Oh, Sujatha, this is such a marvelous post and definitely started my day off with a huge smile! Now I know why Indian women -- and men :-), have such gorgeous hair! Loved the photos! And I promise not to say a word!

Have a great day!


Praba Ram said...

oh my gosh - DELIGHTFUL is an understatement...I enjoyed reading this SO MUCH!! ROTFL on the last pic! sorry!! :-) Seriously, such adorable b/w pics!!

So thoughtful of whoever took that picture of your mother combing you. Those spontaneous, capturing a moment ones - I don't even have one - my dad did have a b/w camera...woner why he didnt click any! :-)

yes - have a "studio" photo dressed-up in 9 yards sari - it was a golu dress-up and yes, I empathize with you on that burdened look! I think my parents actually made me walk all the way to the studio in that attire...I was 5 or 6.:-)

Thanks for such a lovely hairy tale!

Sands said...

How lovely. I didn't get the flower jadai but do remember the coconut oil massage each morning and the weekend oil bath with sesame oil and seekakai podi and hibiscus leaves :)

Anonymous said...

Oh my gosh what a little darling he is!!! I loved this entire post! you were beautiful. The hair is fascinating to me.

ra said...

lovely!!! you look so pretty! and so does the anonymous boy!

Choxbox said...

a.w.e.s.o.m.e. suj!

you look ultra pretty in both the pix, and please pull those cheeks in the last pic for me!

shoba said...

ROFL the last picture..I am sure , whoever the boy is, must be cringing everytime he sees that picture..LOL...
And oh! yes, I do remember the Sheekay , Chigare podi and the coconut oil. I was always fussy about my plaits and was never satisfied with the way mom did mine. Finally, we came to a compromise and things went smoothly. I missed the "Moggine Jades". You look very cute in that. We have a similar photo of my mom at home.Not to mention we have to wear that heavy jade during the weddings too..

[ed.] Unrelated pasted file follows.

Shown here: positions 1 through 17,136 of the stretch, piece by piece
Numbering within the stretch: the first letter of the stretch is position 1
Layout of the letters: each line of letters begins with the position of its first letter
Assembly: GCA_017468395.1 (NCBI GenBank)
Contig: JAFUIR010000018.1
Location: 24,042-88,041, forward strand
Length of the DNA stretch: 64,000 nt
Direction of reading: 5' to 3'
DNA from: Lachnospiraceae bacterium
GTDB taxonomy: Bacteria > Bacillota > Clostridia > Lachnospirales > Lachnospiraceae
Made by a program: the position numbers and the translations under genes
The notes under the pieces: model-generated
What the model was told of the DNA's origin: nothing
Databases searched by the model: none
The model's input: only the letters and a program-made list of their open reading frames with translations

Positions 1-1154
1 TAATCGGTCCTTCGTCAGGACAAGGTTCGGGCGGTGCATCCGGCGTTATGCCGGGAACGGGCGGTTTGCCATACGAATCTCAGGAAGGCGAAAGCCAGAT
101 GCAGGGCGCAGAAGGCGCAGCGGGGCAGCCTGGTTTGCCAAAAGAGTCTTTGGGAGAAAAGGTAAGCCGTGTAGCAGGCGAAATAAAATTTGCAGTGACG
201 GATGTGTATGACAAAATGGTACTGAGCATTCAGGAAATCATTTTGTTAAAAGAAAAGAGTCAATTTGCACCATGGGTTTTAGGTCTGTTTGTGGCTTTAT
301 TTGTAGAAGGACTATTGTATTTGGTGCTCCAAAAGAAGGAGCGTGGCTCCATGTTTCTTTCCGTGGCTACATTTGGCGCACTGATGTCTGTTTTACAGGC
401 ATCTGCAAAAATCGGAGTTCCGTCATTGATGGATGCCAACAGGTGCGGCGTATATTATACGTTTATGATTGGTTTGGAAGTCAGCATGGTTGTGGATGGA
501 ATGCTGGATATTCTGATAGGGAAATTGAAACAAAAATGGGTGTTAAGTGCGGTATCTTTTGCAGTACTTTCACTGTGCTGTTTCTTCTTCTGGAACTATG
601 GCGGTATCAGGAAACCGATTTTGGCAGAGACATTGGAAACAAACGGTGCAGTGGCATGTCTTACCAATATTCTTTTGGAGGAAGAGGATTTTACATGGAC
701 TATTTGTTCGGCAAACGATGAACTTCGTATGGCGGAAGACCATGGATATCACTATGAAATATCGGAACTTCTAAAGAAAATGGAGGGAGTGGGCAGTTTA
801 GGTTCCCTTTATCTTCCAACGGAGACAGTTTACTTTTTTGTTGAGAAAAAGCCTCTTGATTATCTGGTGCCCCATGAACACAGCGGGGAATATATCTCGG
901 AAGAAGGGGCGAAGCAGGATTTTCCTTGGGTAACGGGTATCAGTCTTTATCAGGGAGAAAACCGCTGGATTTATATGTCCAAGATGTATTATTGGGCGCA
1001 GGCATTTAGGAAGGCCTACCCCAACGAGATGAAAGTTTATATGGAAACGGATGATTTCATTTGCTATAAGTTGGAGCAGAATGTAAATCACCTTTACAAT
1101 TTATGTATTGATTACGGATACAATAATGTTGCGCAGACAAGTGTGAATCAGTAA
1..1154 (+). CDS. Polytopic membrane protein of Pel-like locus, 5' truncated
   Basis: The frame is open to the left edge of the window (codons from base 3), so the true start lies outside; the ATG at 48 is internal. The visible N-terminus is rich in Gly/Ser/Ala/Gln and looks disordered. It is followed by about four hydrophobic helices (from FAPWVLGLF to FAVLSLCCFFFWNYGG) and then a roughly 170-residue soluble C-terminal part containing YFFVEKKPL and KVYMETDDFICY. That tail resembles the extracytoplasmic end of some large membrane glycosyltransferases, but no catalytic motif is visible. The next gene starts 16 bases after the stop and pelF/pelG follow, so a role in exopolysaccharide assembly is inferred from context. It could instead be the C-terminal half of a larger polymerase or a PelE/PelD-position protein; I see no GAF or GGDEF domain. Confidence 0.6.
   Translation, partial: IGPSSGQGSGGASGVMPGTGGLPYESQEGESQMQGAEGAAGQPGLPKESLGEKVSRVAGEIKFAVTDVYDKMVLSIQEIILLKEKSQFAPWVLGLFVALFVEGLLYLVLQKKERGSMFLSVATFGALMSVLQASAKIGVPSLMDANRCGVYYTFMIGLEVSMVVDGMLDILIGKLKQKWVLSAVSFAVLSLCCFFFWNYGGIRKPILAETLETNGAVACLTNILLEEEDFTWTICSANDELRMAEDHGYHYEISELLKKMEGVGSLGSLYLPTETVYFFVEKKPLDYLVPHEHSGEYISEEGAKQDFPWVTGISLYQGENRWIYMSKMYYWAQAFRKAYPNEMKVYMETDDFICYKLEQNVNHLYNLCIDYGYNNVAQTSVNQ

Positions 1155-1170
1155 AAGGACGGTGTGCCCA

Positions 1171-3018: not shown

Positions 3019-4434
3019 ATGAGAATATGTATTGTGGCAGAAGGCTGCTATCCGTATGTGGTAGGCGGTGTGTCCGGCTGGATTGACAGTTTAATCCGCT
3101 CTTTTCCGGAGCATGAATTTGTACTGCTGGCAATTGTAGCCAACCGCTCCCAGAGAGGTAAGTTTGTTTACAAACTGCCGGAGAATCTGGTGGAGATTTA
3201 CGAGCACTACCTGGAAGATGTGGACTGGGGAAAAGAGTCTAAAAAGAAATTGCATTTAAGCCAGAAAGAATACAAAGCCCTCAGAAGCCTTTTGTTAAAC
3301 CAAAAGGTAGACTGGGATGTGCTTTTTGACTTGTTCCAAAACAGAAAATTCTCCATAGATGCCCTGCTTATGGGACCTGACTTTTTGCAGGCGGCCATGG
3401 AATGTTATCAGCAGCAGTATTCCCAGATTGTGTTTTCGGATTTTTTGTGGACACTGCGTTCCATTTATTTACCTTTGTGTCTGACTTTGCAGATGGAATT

A very nice post.. Brought back fond memories..

Lavs said...

Lovely post. Brought back so many memories for me.

Incidentally, today i found an old photo of mine in Poo jadai when i was 8 yrs old. I refused to let my grand mom plait it that one time coz i had a stye in my eye and didn't want a photo to remind me abt it later. But did we kids have any say then???

For us, the hair tonsuring takes place after 1st brother has so many snaps of him with krishna kondai(pony tail on top of head). But none of him dressed as a girl!:)

All your snaps look cute..and i thought the last one was a girl until i read the post :)

Cantaloupes.Amma (CA) said...

You had knee length hair !! WOW .. I hope you are one of the lucky few to still have them intact !

Could relate to everything mentioned in this post from daily combing routine to sunday oil baths to moggina jade. How did they spare you without a heavy saree ??? I was all of 5 and was made to tie a benaras saree heavier than self at that time :)
I had the most lustrous hair growing up .. using shampoo was blasphemy. In fact I don't really remember using it ... but things changed 180 degress since I moved to US ... i rarely use shigekaayi and shampoo is my saviour. THe result ... an excuse of hair.

Minal said...

that you can make such a lovely post from a simple topic as hair-care in India proves what I told you today - writing comes naturally to you!!!
lovely post - I'm curious to know who is the one in the last photo;-))) I 've kind of guessed but lets keep it at that!

Altoid said...

Uggggh! Why would you want to remind us all of those oily hair days Suj? I mean why, why why? Oil in the hair everyday, oil baths every weekend with seege pudi and chigare pudi[man those were a mean combo], bloodshot eyes, drowsy afternoons- the entire package used to be my nightmare. Nodding at the explanation about moggina jade being heavy, man it weighed a ton. And I have a similar pic in a langa and moggina jade btw[so does the entire world I am sure] which I'd never share :P.

Hairy tale indeed! *shudder*

Jinksy said...